• A leaked memo shows Bank of America's Merrill Lynch is dealing with 'many' violations by financial adviser trainees working from home, so it's paused their reach-outs to new clients
  • The ultimate guide to getting hired as a financial adviser trainee at Morgan Stanley, UBS, and Merrill Lynch, and how to succeed in their ultra-competitive training programs
  • Merrill Lynch is shifting how it handles staff who drop out of its financial-adviser trainee program, and it highlights the industry's evolving career paths
  • Merrill Lynch hiked starting salaries for trainee advisers by $10,000 and has taken on 1,700 newbies so far this year. We have the details.
  • Merrill Lynch is about to launch a new training program for 6,500 client associates — and it shows how the role of full-fledged financial adviser is quickly evolving

Wealth-tech

  • These 10 early-stage wealth startups are on the brink of breaking out, according to top VCs
  • See the 13-page pitch deck that DriveWealth, a fintech that powers trading and investing apps, used to nab $57 million from investors like Point72 Ventures
  • Pain points around onboarding new clients and remote transactions are causing wealth firms to lose clients and talent. Here's how they can improve.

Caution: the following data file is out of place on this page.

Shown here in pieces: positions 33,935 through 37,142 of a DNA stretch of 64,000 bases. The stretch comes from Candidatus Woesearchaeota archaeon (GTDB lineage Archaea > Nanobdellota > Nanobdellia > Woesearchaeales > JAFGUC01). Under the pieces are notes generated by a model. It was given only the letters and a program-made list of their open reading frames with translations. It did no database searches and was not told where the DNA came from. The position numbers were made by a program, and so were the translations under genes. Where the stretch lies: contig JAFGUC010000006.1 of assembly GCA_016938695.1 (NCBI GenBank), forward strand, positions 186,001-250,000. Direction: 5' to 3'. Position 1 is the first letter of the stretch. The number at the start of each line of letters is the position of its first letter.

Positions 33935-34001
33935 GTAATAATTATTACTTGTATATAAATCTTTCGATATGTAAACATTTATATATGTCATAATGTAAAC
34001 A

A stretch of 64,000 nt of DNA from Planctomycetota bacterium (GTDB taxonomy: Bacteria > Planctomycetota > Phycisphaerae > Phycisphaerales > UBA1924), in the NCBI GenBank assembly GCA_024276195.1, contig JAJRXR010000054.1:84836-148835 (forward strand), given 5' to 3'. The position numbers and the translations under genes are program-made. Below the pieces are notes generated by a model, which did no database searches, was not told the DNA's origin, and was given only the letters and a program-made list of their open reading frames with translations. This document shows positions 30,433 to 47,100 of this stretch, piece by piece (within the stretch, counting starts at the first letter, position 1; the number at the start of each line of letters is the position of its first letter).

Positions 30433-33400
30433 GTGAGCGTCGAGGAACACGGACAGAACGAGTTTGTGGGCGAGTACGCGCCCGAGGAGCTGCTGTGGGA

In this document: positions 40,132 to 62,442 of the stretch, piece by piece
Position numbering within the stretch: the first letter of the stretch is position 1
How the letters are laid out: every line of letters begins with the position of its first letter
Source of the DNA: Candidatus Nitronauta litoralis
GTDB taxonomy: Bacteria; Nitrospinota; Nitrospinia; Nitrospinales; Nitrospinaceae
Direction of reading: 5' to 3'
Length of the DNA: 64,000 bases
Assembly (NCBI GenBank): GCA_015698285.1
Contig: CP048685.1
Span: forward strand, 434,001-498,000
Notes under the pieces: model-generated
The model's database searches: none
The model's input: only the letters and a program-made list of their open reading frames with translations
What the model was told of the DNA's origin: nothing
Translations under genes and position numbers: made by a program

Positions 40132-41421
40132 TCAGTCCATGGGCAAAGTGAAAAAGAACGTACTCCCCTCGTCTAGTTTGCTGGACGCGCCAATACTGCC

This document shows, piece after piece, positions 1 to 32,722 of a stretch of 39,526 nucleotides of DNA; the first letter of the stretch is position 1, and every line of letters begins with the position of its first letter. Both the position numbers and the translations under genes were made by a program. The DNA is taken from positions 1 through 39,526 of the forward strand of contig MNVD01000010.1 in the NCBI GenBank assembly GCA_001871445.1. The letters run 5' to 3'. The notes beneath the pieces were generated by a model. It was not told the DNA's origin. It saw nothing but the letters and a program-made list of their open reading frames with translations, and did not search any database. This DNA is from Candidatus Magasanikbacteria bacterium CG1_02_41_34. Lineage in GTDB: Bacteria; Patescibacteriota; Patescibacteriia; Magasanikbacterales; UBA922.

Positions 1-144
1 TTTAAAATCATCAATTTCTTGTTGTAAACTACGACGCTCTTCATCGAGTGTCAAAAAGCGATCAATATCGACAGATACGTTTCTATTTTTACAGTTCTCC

• Tech is now essential in the battle to recruit and keep wealth talent. Deutsche Bank and Morgan Stanley execs gave us their pitch.
  • UBS's Americas private-wealth head says he thinks losing a 'few hundred' advisers would not be a bad thing, and is looking at how robos can help keep the bank's richest clients
  • AI will transform wealth management in the coming decade. These are the skills human advisers will need to stay relevant, according to 8 top wealth execs.
  • The new head of Wells Fargo's massive wealth arm explains why human financial advisers should embrace roboadvisers, not fear them
  • The head of innovation for TD Ameritrade's 7,000 adviser clients thinks virtual assistants and holograms will be must-have wealth tech by 2030
  • Here's what financial advisers say is the most overhyped wealth tech, and which tools they think will actually help them in the next 5 years

 Transitioning assets to the new generation

  • A financial-adviser retirement wave that could put trillions of assets in play is kicking into high gear thanks to the pandemic. Here's how firms are tackling the handover crisis.
  • Merrill Lynch just overhauled client-retention incentives for retiring advisers. An internal memo said it will hike payouts and subsidize handovers starting in 2021.
  • Wells Fargo is seeing more adviser retirements after an 'enthusiastic' response to its next-gen handover payouts
  • Meet 6 up-and-coming financial advisers at Morgan Stanley, Wells Fargo, and Merrill Lynch who are managing big money and navigating a cutthroat industry

Learn more about the financial services industry.